Back to Basics: Effective Flossing

shutterstock_1083892You know how it goes: you visit the dental office, and your dentist tells you to floss more often. Perhaps your dentist finds a spot of mild gum disease, giving you even more reason to start flossing regularly. The truth is, you really can’t maintain long-term oral health without flossing. Brushing and using mouthwash play a big role in a healthy smile, but nothing gets between teeth and below the gum line like flossing.

Part of the problem for some is that they don’t know how to floss properly. Many people think they’re supposed to pop the floss in and out between teeth and use the floss as a way to simply dislodge pieces of food that have become stuck. In reality, flossing helps remove the invisible bacteria that live on your teeth and around your gums. That’s why flossing every day is so vital. You might not see anything on the string of floss when you’re done, but that doesn’t mean the floss isn’t working. In fact, flossing regularly can help you avoid the buildup of that white, gooey stuff (a mixture of mucus and bacteria known as materia alba to your dentist) that you might sometimes see on your floss if it’s been a while.

So, now that you know why you should floss every day (yes — every day!), let’s talk about the best techniques to get the job done well. Continue reading Back to Basics: Effective Flossing

High Blood Pressure and Oral Health

doc & adminHigh blood pressure, also called HBP or hypertension, can affect your ability to receive oral healthcare. Performing dental treatments on patients with hypertension can be detrimental! If your blood pressure is too high, many dentists won’t schedule procedures until you receive a health assessment from your medical doctor.

What is high blood pressure?

The two forces measured for your blood pressure reading are the blood pumping out of your heart and into your arteries (systolic), and the heart resting between beats (diastolic). Normal blood pressure readings for a healthy individuals who are 20 years and older should be below 120 for systolic and below 80 for diastolic. If blood pressure readings are consistently higher than 120/80 then you’re probably suffering from hypertension.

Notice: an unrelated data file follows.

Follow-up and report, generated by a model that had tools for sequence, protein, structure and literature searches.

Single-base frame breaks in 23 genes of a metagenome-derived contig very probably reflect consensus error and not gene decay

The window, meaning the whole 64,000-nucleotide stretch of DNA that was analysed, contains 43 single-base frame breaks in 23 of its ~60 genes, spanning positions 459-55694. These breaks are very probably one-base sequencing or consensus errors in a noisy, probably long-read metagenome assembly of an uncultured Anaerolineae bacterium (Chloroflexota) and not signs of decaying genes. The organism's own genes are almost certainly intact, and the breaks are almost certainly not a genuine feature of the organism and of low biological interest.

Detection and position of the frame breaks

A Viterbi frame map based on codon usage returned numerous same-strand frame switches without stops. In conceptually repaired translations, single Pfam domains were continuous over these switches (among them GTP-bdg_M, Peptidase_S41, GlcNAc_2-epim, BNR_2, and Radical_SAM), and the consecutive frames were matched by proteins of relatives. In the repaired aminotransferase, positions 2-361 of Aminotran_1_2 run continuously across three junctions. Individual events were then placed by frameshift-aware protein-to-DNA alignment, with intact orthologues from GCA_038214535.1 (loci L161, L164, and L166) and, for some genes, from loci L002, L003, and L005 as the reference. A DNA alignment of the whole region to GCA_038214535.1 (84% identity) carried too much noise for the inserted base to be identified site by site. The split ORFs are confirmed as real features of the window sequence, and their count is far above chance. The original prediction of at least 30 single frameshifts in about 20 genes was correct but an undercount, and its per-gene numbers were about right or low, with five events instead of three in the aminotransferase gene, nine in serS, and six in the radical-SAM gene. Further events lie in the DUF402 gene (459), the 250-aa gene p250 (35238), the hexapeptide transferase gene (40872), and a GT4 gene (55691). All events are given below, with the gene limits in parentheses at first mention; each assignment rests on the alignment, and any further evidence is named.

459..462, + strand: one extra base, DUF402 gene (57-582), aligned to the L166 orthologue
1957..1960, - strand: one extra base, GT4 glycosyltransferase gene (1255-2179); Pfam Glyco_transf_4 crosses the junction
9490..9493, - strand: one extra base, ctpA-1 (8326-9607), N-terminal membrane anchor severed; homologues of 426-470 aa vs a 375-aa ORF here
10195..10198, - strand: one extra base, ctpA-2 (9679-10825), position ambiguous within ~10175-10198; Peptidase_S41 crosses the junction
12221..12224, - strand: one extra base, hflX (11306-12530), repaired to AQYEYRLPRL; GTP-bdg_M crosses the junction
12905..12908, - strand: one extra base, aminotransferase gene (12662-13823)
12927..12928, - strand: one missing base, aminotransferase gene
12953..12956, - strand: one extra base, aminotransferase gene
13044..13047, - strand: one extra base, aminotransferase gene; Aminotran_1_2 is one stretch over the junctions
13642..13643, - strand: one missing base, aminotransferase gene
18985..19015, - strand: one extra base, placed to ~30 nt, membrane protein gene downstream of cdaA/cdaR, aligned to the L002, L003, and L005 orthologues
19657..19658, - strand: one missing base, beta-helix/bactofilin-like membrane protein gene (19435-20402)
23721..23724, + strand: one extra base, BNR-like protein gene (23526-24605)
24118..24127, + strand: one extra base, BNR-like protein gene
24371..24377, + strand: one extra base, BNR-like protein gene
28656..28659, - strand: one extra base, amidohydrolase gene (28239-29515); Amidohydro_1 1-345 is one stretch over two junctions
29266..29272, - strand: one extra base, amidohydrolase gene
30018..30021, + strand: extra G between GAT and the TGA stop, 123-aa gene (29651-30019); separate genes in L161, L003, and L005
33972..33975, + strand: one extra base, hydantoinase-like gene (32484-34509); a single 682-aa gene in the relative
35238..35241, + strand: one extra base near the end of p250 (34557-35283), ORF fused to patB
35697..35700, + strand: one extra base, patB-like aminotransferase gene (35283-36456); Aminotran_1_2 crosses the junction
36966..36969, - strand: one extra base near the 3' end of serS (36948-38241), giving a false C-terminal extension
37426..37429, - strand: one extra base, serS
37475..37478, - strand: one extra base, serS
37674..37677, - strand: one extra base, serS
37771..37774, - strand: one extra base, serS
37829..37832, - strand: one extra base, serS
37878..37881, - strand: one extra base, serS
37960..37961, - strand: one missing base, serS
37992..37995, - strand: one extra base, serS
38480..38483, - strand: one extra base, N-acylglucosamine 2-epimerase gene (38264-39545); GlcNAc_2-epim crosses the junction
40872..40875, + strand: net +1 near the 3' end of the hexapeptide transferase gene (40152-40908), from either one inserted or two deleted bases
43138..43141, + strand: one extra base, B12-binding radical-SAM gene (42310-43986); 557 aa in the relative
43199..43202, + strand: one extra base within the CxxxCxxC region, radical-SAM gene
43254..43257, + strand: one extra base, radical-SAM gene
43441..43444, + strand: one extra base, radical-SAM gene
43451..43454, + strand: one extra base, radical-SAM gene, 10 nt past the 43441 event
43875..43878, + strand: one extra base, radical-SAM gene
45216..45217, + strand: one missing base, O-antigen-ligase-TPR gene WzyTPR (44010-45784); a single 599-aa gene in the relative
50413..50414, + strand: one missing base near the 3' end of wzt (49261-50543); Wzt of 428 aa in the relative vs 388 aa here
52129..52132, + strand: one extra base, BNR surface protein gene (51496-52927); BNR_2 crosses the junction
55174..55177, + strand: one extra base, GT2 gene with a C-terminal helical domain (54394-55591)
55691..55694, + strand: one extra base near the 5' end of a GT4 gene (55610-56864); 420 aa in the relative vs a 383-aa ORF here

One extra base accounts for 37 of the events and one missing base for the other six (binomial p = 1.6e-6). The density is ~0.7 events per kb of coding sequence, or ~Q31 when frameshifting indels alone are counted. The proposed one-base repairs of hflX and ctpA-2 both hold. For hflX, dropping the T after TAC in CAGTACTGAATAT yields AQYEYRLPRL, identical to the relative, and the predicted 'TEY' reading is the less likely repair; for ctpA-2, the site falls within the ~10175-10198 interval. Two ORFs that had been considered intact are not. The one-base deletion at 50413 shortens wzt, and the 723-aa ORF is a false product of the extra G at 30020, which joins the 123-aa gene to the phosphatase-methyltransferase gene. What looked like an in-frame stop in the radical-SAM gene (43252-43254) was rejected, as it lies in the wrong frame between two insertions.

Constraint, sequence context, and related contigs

According to, the website of the American Heart Association, “Untreated high blood pressure damages and scars your arteries.” High blood pressure increases risks of blood clots, organ damage, heart attacks, and strokes. High blood pressure also results increased plaque build-up and weakening blood vessels.

How does high blood pressure affect my dental health?

In a white paper released by the American Diagnostic Corporation, it states: “…elevations of blood pressure can increase a patient’s risk of experiencing a stroke or myocardial infarctions in the dental chair.” Patients with hypertension can also be in danger from local anesthetics that use vasoconstrictors, such as epinephrine, which increase blood pressure and heart arrhythmia.

High blood pressure medications can also affect your dental wellbeing. Some prescriptions cause dry mouth and may also alter your sense of taste. Meds with calcium blockers can also create gum overgrowth, which can affect a patient’s ability to chew and may require periodontal surgery to correct.

Will my dentist still treat me if I have high blood pressure?

Most dentists will not treat patients who have high blood pressure, especially if your numbers are in the Stage 1 or higher range for hypertension. (View the chart at the American Heart Association’s website.) If you’re being treated for high blood pressure, it’s important for you to discuss your condition and your medications with your dentist before beginning any treatments. Most patients being treated for high blood pressure can still have dental procedures, take anti-anxiety medications (often used for oral conscious sedation), and safely receive local anesthetics.

What Should I Look For When Choosing a Dentist?

choosing a dentistNo matter your age, your profession, or how busy your schedule might be, finding a good dentist is one of the most important things you can do. It can also be a struggle. So, how can you get started? What should you keep in mind as you look for a dentist for yourself and your family? Here are five things to consider.


Find out beforehand if the doctor you’re considering has any testimonials or before-and-after pictures you can see. Some states—Texas, for example—don’t allow testimonials, but others do and this can be a great way to get to know a dentist and his or her work.


Knowing where a dentist studied, how long they’ve studied, what associations they’re a member of, and what awards they’ve one can all help you decide on a dentist. Typically, you can find information like this on a doctor’s webpage, under the “About the Office” or the “About Our Team” page. If the practice you’re considering is a new practice, what does this mean to you? Are you comfortable with the dentist’s expertise and training? Continue reading What Should I Look For When Choosing a Dentist?